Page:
Tuesday, September 30, 2014

Garden Visit: Margaret Roach’s Garden

As I mentioned in my last post, this past September 20th was my best birthday ever. Why? Because I got to see the private garden of one of my garden idols, Margaret Roach, as well as the garden of the amazing public garden designer, Lynden Miller. The icing on the cake (pun intended) was a visit to the New York Botanical Gardens the next day. A birthday weekend chock-full of gorgeous gardens, what could be better?!

I found my way to Margaret Roach via the Garden Conservancy. I was looking through their thick paperback of private gardens that were open to the public that year (which was last year) through their Open Days Program, and came across a full-page in the New York section about Margaret’s garden and her website www.awaytogarden.com. As soon as I checked out the site I was hooked. I signed up for the email newsletters immediately and became a regular listener of her podcasts. She has really interesting guests on her podcasts. Some favorites of mine this year so far: Arthur Evans on Beetles, Doug Tallamy on The Living Landscape, and Kelly Gill of Xerces Society on Pollinator Gardens. I learn something new and fascinating every time I listen. I must confess, I wish I was Margaret Roach, or maybe a combo of her, as well as artist and printmaker Angie Lewin, and photographer Robert Llewellyn. Wow, what a talented person I would be!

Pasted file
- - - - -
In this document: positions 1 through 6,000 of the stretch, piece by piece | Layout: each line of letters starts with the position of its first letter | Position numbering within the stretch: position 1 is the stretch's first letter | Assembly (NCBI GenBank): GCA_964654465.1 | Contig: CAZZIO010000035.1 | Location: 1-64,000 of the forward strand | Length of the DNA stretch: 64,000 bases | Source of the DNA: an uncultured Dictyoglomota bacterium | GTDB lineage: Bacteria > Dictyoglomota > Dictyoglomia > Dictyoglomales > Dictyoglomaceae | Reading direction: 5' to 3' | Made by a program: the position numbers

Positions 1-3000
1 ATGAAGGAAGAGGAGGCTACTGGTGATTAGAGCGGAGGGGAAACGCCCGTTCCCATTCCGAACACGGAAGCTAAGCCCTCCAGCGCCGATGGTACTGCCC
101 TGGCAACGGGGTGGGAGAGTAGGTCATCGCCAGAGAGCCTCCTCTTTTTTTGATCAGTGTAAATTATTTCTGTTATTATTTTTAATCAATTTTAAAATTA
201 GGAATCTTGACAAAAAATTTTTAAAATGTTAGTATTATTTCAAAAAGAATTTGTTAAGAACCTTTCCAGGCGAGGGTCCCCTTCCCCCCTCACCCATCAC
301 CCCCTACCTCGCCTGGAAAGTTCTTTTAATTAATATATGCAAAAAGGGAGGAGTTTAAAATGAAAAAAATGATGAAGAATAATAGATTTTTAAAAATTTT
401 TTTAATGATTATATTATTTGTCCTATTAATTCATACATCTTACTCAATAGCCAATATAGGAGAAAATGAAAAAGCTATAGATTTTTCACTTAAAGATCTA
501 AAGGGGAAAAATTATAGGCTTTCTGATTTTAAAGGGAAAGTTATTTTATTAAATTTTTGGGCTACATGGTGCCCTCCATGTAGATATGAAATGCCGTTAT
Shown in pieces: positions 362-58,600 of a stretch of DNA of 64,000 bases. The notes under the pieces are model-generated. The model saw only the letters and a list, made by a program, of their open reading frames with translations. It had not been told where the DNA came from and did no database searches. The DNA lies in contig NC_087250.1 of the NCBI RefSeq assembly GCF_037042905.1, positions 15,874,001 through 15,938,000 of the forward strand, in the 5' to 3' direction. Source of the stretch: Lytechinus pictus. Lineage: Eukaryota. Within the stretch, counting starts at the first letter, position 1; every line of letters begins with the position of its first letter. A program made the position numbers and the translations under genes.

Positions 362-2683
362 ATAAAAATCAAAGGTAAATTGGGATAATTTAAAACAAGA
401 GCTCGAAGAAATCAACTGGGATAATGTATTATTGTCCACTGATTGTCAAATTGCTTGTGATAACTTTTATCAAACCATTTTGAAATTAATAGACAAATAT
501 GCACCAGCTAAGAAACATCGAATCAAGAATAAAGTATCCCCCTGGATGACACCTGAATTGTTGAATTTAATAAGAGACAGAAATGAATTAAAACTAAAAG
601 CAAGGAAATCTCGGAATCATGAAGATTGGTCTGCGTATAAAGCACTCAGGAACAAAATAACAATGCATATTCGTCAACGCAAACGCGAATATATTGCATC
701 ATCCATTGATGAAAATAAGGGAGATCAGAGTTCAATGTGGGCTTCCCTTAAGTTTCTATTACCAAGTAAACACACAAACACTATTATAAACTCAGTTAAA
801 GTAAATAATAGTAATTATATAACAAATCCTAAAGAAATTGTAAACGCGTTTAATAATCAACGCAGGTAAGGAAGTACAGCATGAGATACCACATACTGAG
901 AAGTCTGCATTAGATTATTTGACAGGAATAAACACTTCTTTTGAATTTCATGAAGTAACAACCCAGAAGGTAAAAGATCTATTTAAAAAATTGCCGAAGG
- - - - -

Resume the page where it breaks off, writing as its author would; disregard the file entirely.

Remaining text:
Margaret opens her garden to the public via the Garden Conservancy’s Open Days Program a few times a year every year. It just so happened that the only date that I didn’t already have plans this year was on Sept 20th, my birthday. I decided we could make it a garden-related weekend trip, with a few brewpubs thrown in to keep Brian happy. (Poor Brian, I think I wore him out dragging him to gardens all weekend! At least he earned that beer he drank at the brewpubs.)

Margaret Roach’s website is about “horticultural how-to and woo-woo.” She believes gardening isn’t just about being knowledgeable about gardening, it’s about being one with your garden and having a spiritual connection to it. This is something I felt the first time I stuck a trowel in the dirt. As Margaret says in her book, And I Shall Have Some Peace There, gardening is a “moving meditation.”